Thank you

Thanks a bunch.

Thanks a bunch.

Thank you very much from Cécile at Frogs Legs on Toast.

 

 

 

 

 

 

 

 

 

These blogs and lessons take a lot of work (I have bags under my eyes to prove it) and your contribution is very much appreciated. Enjoy learning le French.


 

 

How to say ‘Go Away!’ in French

Posted by on Sunday, May 31, 2015 in Expressions | 2 comments

How to say ‘It doesn’t matter in French’

Posted by on Wednesday, April 29, 2015 in Grammar | 0 comments

How to say I don’t care in French

Posted by on Tuesday, March 31, 2015 in Expressions | 0 comments

How to say I don’t care in French

12 ways to say I don’t care in French

From polite to very rude

 

Ranging from ‘I don’t mind’ to the more x-rated rebuff learn how to say ‘I don’t care in French’.

No stars – always safe (unless you add your own note of sarcasm)

Colloquial – rudeness factor depends on the tone of voice used

** More impolite, colloquial and sarcastic

**/*** From rather rude verging on very rude depending on your tone of voice

*** Very rude simple as that.

  1. Ça m’est égal
  2. Ça ne me fait rien
  3. Ça ne me dérange pas
  4. Ça ne me fait ni chaud ni froid
  5. Je m’en fiche/je me fiche*
  6. Je m’en moque**
  7. Je m’en balance**
  8. Je m’en tape**
  9. Je m’en fou(s)**/***
  10. Je m’en bats les couilles***
  11. J’en ai rien a foutre***
  12. Je m’en branle***

 With meanings and dog rough translations

  1. Ça m’est égal – I don’t mind – lit. it’s equal to me
  2. Ça ne me fait rien – I don’t mind – lit. it does nothing to me
  3. Ça ne me dérange pas – it doesn’t bother me
  4. Ça ne me fait ni chaud ni froid – I’m indifferent – lit. makes me neither hot nor cold
  5. Je m’en fiche/je me fiche* – I couldn’t care less ‘en’ means ‘about it’ in this context
  6. Je m’en moque** – I couldn’t give a damn about it
  7. Je m’en balance** – I couldn’t give a damn about it (balancer is slang for throw out/dump/tell off severely)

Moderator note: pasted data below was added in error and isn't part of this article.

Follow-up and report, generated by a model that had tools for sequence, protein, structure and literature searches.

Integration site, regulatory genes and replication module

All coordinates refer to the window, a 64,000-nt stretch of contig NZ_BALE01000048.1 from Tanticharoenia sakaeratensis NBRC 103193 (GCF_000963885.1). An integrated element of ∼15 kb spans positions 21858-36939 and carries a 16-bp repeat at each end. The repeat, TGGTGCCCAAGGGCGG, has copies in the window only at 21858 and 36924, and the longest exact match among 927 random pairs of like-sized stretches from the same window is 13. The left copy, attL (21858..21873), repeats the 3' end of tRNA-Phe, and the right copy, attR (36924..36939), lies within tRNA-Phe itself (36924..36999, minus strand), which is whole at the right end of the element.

8. Je m’en tape** – I could give a damn about it
  9. Je m’en fou(s)/je me fou(s)  (spelt both with and without an ‘s’)**/*** – I couldn’t give a damn (this can be quite rude but also not – depending on how you say it. Edith Piaf did a song called ‘Je m’en fous pas mal’ Pas mal means ‘quite a lot’ so je m’en fous pas mal is like saying ‘I couldn’t care less’ but sort of means you care a lot!
  10. Je m’en bats les couilles*** – battre means to beat, couilles are slang for testicles/balls so this charming phrases means something like I beat my balls because I care so little – really no direct translation so an equivalent on rudeness scale would be ‘I don’t give a fuck’
  11. J’en ai rien a foutre*** – again the equivalent is ‘I don’t give a fuck’ – a sort of bad translation would be ‘I have nothing to give a fuck about’.
  12. Je m’en branle***branler is slang for ‘to masterbate’ i.e. to wank so once again ‘I couldn’t give a fuck’ will give you the idea.

 Add a little extra oomphIdontcareImage

How to add some extra words for authenticity and emphasis – in other words to sound like you really don’t give a flying……

For all of them add ‘Alors là’ at the beginning – which is a sort of ‘I can assure you that…’ expression.

Using ‘complètement’ – ‘completely’ and ‘du tout’ – ‘at all’ will make your nonchalance more realistic.

  1. Ça m’est complètement égal
  2. Ça ne me fait rien du tout (at all)
  3. Ça ne me dérange pas du tout (at all)
  4. Ça ne me fait ni chaud ni froid (best left untouched)
  5. Je m’en fiche/je me fiche* complètement
  6. Je m’en moque complètement **
  7. Je m’en balance complètement **
  8. Je m’en tape complètement **
  9. Je m’en fou(s) complètement **/***
  10. Je m’en bats les couilles complètement ***
  11. J’en ai rien a foutre complètement ***
  12. Je m’en branle complètement ***

With ‘complètement’ you can always hook on an additional ‘mais complètement’ at the end to make sure your listener really understands just how little you care.

Examples in context

You’ll need the subjunctive a lot of the time here – very used in French – if you’re serious about speaking French learn the subjunctive well.

1. Ça m’est égal qu’il ne soit pas venu – I don’t care that he didn’t come.
2. Ça ne me fait rien qu’elle m’ait posé un lapin – I’m not bothered that she stood me up
3. Ça ne me dérange pas si tu fumes – It doesn’t bother me if you smoke.
4. Ça ne me fait ni chaud ni froid de sortir avec plusieurs gonzesses à la fois – it doesn’t bother me to go out with several chicks at the same time
5. *Je m’en fiche/je me fiche de ce que tu penses de moi – I couldn’t give a damn about what you think about me
6. *Je m’en moque de tout ça ! – I don’t give a damn about all that !
7. **Je m’en balance de qui est le meilleur footballeur du monde– I don’t give a damn about who’s the best footballer in the world